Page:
Charles Wesley is well remembered as the "poet laureate" of Methodism, whose rousing hymns continue to adorn Christian worship. This article suggests that he was also a significant theologian; a theologian of the experimental variety, who used religious experience as a means for translating theological doctrine into the realm of Christian life. Religious experience played an important role in Wesley's poetical approach to the Bible, and allowed him to unite human hearts and minds in biblical affirmations. In this sense, Charles's hymns were aptly described (by John Wesley) as "practical divinity." A close examination of Charles Wesley's vocabulary of religious experience (through words like "feel," "prove," "to know," and "taste") indicates that his own creative synthesis of reason and experience produced a kind of "practical divinity" that still has potency for modern Christians.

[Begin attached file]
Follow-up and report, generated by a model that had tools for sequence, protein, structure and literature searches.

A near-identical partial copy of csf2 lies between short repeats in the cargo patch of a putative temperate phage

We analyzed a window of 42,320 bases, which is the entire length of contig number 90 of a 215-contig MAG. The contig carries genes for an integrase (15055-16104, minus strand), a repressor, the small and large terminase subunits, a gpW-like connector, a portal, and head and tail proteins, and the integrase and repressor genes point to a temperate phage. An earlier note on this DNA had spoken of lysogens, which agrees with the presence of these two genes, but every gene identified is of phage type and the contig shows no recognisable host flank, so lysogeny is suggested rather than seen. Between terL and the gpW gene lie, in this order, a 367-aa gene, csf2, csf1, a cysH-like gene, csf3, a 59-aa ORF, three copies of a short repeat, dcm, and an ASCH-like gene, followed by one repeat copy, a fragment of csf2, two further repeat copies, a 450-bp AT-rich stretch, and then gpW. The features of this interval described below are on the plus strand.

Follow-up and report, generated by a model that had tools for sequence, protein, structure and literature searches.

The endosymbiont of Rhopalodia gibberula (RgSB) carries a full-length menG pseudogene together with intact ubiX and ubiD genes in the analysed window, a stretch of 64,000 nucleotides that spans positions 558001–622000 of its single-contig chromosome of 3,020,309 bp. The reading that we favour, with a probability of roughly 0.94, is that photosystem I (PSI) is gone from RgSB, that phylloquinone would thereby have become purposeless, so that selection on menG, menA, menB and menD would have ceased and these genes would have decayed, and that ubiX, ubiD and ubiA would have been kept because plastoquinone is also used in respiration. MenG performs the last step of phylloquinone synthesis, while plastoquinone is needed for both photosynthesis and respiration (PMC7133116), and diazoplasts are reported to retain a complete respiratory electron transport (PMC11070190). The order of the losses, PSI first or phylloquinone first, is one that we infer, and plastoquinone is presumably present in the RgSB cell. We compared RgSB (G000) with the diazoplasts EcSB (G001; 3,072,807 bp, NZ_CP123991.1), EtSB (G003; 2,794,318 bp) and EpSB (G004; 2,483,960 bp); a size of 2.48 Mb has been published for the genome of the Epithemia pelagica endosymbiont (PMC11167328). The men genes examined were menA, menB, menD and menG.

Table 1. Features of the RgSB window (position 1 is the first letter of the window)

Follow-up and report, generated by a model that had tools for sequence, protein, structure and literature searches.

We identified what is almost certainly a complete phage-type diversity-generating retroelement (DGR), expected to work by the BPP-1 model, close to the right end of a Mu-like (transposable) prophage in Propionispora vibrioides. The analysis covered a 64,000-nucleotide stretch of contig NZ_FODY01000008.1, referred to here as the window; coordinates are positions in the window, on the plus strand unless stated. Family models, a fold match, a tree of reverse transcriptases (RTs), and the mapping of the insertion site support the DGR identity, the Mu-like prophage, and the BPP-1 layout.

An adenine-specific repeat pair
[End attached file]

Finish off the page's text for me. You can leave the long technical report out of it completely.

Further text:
Based on this assessment it is concluded that Charles Wesley was a creative theologian, who blended evangelical theology with religious experience to form his own brand of religious empiricism. Formed in the language of religious praise, Charles's hymns are first-order theology. They are not merely words said about God, they are in fact, words said (or sung) to God. As such, Charles Wesley’s hymns actually playa role in inducing the experiences they describe.